Five great ideas from water garden designers

Ideas from professional designers that you can use to create your own water garden or water feature.

Courtesy of Mary-Kate Mackey
This fern and moss island appears to float in a shallow pool.
Courtesy of Mary-Kate Mackey
Three red metal trivets add the perfect detail to this water feature.
Courtesy of Mary-Kate Mackey
A dogwood shrub, Cornus ‘Midwinter Fire’, reflects in the pond’s darkened surface.
Courtesy of Mary-Kate Mackey
Glass art echoes the sparkle of water.
Courtesy of Mary-Kate Mackey
Bluestone pavers make inviting bridges across a water garden

Flower and garden shows pack more ideas per square foot into one space than any other gardening venues I know. It’s bound to happen when you bring together all those creative horticultural thinkers.

OK, I realize some ideas are goofy, or impractical, or downright impossible — my biggest gripe is display gardens that group together plants with totally diverse needs, such as dry-tolerating euphorbias planted next to water-loving hydrangeas.

But on the whole, scooping up exciting ideas is what makes these garden shows so alluring. Here are my discoveries about water use at the Portland (Ore.) Yard Garden and Patio Show.

1. Make a floating island – Enliven an already existing shallow pool (or add this construction to your future plans) with the addition of an island that appears to float on the water. The one in the first photo above, designed by Landscape East & West, is mostly shade plants -- ferns and mosses -- tucked around a charming piece of tree stump.

2. Combine water and glass – We’ve all seen colored glass balls like the ones gathered in the top of the water feature shown in the first photo at left. However, the display by Dennis' 7 Dees Landscaping and Garden Center pushes the glass/water connection up a notch. The rectangle of abstract glass art in the niche above echoes and enhances the spillway’s knife-edged waterfall.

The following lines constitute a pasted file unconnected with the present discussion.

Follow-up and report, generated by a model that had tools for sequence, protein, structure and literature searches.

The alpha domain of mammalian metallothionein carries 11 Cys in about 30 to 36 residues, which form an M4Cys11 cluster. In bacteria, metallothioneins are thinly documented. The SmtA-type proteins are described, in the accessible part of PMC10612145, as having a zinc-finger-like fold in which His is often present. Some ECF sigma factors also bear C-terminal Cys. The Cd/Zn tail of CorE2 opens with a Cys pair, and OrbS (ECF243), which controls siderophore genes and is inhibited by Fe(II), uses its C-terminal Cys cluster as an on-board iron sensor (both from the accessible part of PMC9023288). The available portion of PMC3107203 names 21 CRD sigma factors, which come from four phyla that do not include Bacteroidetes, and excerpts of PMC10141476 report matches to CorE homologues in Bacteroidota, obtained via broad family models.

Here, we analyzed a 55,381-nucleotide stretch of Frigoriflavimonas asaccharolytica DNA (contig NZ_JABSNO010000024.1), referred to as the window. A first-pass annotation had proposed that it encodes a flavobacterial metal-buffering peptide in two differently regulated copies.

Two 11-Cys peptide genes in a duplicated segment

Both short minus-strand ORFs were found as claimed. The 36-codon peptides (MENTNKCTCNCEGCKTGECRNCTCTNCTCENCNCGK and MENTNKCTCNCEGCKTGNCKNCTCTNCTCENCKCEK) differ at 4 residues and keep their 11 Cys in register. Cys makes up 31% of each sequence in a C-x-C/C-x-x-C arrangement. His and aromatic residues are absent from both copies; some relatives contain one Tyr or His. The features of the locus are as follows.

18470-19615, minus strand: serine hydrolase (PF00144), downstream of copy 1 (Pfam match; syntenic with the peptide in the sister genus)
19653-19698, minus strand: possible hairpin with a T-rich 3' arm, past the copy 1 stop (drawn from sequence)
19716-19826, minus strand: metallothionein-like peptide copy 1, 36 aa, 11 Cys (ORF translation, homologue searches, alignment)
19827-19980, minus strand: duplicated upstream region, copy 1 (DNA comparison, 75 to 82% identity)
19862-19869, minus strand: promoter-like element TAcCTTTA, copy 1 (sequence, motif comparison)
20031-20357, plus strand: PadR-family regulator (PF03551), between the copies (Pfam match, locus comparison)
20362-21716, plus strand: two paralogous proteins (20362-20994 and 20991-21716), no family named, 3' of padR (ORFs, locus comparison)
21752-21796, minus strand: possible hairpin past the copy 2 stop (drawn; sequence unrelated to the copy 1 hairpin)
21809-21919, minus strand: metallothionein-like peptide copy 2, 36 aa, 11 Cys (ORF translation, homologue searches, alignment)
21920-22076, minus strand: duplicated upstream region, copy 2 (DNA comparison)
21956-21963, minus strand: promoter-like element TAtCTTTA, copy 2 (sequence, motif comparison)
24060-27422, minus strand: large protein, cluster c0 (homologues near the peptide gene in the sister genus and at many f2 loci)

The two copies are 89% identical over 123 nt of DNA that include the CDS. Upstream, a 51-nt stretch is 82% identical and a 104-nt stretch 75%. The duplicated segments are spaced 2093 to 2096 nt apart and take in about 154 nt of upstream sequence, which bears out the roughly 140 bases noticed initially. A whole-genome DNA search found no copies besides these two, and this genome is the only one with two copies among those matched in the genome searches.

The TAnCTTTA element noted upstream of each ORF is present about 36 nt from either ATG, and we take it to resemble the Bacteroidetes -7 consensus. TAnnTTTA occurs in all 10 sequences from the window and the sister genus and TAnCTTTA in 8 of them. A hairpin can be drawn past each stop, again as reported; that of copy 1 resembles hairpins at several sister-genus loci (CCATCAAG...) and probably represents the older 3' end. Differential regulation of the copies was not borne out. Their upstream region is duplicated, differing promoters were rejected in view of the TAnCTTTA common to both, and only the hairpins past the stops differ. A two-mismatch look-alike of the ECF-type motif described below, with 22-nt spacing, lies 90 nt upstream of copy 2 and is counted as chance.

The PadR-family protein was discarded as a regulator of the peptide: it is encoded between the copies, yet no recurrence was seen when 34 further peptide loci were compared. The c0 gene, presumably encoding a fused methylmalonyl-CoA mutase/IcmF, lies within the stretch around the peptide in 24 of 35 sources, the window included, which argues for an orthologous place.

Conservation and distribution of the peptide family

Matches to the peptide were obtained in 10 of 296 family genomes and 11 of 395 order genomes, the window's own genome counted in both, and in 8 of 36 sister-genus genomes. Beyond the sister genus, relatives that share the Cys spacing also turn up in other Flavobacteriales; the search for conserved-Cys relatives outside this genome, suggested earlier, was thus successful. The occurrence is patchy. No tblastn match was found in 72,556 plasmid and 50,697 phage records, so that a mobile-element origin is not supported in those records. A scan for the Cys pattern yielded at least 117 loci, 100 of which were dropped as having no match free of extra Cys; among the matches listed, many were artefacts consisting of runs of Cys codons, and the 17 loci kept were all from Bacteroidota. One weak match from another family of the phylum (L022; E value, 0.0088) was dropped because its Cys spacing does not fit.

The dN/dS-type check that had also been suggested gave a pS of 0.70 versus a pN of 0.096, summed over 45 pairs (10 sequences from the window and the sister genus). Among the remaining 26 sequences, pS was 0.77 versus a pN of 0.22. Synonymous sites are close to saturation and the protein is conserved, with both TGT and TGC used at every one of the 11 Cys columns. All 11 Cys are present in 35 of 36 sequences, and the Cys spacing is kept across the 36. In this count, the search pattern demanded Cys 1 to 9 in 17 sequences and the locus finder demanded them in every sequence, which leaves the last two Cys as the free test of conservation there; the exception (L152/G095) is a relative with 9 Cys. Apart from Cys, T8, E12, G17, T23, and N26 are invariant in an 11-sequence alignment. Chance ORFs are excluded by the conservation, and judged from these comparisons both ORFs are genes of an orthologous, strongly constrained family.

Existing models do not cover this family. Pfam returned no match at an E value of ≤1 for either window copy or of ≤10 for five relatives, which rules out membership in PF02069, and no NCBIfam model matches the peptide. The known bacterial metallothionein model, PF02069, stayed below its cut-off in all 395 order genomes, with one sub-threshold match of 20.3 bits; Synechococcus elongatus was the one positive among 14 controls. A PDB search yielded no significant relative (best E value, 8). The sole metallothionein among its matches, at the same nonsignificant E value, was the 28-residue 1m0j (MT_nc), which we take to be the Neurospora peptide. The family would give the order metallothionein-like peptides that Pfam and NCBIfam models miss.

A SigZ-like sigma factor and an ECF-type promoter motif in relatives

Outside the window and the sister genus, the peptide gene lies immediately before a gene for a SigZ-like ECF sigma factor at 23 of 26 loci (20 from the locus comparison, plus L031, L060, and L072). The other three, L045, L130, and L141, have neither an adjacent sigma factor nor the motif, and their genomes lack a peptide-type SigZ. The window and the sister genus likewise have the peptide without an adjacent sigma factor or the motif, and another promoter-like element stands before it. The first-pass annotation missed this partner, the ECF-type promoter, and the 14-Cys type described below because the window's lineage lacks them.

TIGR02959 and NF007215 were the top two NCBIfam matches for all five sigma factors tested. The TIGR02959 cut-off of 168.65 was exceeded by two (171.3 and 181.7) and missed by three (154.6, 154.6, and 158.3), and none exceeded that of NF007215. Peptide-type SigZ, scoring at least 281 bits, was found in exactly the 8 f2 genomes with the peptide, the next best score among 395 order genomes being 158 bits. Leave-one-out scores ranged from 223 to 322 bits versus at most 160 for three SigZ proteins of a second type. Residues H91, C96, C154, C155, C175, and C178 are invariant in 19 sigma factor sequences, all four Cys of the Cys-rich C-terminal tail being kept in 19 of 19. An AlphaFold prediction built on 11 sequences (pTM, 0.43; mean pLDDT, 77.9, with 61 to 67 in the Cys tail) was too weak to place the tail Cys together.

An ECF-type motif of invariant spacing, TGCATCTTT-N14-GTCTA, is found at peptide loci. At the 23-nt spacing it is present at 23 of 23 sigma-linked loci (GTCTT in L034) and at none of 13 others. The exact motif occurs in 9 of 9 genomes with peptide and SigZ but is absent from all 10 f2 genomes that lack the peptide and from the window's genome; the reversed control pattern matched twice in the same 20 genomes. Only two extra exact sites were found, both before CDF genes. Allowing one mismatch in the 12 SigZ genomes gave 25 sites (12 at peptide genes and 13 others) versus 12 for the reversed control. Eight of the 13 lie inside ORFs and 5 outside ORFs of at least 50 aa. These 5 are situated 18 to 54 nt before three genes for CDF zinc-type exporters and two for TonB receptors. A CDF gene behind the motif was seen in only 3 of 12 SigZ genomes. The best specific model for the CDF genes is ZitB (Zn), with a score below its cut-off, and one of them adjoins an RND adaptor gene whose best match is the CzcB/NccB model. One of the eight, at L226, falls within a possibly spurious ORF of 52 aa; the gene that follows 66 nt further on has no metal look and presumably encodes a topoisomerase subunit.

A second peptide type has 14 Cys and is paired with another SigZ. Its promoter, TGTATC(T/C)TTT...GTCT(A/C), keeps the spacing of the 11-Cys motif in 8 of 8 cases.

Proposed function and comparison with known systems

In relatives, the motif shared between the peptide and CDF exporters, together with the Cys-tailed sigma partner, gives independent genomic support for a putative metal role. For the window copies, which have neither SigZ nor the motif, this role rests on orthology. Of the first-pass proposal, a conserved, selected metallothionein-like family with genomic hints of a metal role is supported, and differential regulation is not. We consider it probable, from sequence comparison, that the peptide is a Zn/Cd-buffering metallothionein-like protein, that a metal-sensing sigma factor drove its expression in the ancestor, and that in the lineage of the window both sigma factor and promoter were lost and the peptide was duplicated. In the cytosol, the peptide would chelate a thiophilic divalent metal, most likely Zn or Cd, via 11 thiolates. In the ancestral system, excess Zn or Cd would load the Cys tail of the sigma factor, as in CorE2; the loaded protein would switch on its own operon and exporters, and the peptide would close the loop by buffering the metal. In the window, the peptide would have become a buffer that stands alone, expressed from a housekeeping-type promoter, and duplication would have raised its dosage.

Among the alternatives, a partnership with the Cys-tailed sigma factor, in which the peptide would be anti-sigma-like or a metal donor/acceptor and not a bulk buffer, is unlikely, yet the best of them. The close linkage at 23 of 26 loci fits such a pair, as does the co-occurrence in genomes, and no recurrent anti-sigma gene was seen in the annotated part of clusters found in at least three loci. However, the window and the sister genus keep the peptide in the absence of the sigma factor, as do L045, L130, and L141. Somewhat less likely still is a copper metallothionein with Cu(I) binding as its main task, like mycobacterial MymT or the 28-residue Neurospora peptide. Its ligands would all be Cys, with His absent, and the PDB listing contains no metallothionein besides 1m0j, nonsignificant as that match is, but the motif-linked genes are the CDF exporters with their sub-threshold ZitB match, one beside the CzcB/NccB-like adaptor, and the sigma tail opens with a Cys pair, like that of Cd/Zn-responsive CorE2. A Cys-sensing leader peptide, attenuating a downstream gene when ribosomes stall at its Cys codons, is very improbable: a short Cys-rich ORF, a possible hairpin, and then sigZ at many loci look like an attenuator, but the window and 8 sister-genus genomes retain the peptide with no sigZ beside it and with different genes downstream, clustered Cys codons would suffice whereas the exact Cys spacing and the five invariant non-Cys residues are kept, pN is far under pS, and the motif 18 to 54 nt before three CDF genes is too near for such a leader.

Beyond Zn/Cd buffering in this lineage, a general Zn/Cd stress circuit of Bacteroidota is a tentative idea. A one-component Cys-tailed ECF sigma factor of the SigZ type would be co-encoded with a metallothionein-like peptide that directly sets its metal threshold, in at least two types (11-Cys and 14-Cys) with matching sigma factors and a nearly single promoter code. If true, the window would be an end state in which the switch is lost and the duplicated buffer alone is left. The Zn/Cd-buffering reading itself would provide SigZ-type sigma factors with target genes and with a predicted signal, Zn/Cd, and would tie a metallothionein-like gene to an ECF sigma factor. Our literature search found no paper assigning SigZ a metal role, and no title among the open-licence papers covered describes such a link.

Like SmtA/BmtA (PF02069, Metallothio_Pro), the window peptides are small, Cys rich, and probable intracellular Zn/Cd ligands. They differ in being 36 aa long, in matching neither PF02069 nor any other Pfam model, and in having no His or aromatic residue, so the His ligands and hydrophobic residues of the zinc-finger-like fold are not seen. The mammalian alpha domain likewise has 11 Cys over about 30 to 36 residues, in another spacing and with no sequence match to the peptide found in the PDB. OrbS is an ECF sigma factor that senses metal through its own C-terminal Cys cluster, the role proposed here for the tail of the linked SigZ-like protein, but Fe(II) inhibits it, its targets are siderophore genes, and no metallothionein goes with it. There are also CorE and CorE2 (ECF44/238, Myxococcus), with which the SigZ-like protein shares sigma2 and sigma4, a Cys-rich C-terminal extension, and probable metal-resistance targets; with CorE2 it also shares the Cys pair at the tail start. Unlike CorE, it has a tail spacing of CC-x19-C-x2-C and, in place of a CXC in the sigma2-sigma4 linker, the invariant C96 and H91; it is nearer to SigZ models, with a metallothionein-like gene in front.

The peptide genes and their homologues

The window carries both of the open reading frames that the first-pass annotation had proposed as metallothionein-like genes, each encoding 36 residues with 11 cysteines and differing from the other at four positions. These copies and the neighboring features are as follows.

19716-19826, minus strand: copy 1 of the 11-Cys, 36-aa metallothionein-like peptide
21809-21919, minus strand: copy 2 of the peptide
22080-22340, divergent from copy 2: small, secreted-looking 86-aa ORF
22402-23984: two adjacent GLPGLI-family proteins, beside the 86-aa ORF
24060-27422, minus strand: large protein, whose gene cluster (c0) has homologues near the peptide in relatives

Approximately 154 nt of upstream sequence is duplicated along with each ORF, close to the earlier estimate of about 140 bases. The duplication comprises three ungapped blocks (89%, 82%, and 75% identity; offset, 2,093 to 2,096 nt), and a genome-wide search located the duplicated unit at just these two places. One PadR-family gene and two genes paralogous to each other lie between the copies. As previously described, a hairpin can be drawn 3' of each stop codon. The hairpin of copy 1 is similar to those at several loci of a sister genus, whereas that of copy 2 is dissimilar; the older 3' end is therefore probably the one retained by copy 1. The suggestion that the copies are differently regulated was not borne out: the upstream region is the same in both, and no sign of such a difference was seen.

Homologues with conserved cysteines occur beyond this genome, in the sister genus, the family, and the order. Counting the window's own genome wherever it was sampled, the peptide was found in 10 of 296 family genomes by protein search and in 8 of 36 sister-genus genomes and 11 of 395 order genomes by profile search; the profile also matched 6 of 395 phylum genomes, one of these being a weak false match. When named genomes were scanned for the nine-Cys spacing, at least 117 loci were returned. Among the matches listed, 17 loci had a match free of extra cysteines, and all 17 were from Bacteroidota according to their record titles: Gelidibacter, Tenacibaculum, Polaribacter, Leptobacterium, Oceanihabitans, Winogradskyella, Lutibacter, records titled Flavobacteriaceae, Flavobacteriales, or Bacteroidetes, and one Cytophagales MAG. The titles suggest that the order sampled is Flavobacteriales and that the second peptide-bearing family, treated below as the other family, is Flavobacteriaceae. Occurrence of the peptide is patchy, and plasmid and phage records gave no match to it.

3. Repurpose the detailsAutumn Leaf Landscaping’s clever trough fountain employs three spigots to create maximum splashing sound with minimum overall water usage. [Second photo above; click on the arrow at the right base of the first photo.] Designer Kristine Hanson of Green Leaf Design added the perfect eye-catching accent with red, lacy metal encircling each spigot. Actually, they are Crate and Barrel trivets, repurposed for a great water-feature effect.

4. Float the pathway – Bridges like the bluestone slabs shown in the second photo at left appear to float on the black water’s surface. I feel compelled to cross them. Fortunately, Enviromax Landscape Design allowed show goers to do just that. Very satisfying.

DIYers, please note: With these water-level crossings, you should probably get construction help from the experts; the finicky details must be just right to pull off the floating appearance.

5. Don’t forget water’s inherent drama – Over the years, Eamon Hughes of Hughes Water Gardens has proven to be a master of these enormous darkened ponds — lakes, by indoor show standards — and they never leak! [See third photo above.] Mr. Hughes reminds us that water can be enjoyed any time of day — or night — and in any season.

Unlike many displays devoted to celebrating spring, this pool is an homage to the wintery Northwest landscape that we left outside the Convention Center doors. It invites us to stop, stare into the illusion of unseen depths, and notice the quiet reflections. The up-lighting on the dogwood (Cornus ‘Midwinter Fire’) is pure display garden showmanship.


Mary-Kate Mackey blogs regularly about water in the garden for Diggin' It. She is co-author of “Sunset’s Secret Gardens — 153 Design Tips from the Pros” and contributor to the “Sunset Western Garden Book,” writes a monthly column for the Hartley Greenhouse webpage and numerous articles for Fine Gardening, Sunset, and other magazines. She teaches at the University of Oregon’s School of Journalism & Communication. To read more by Mary-Kate, click here.

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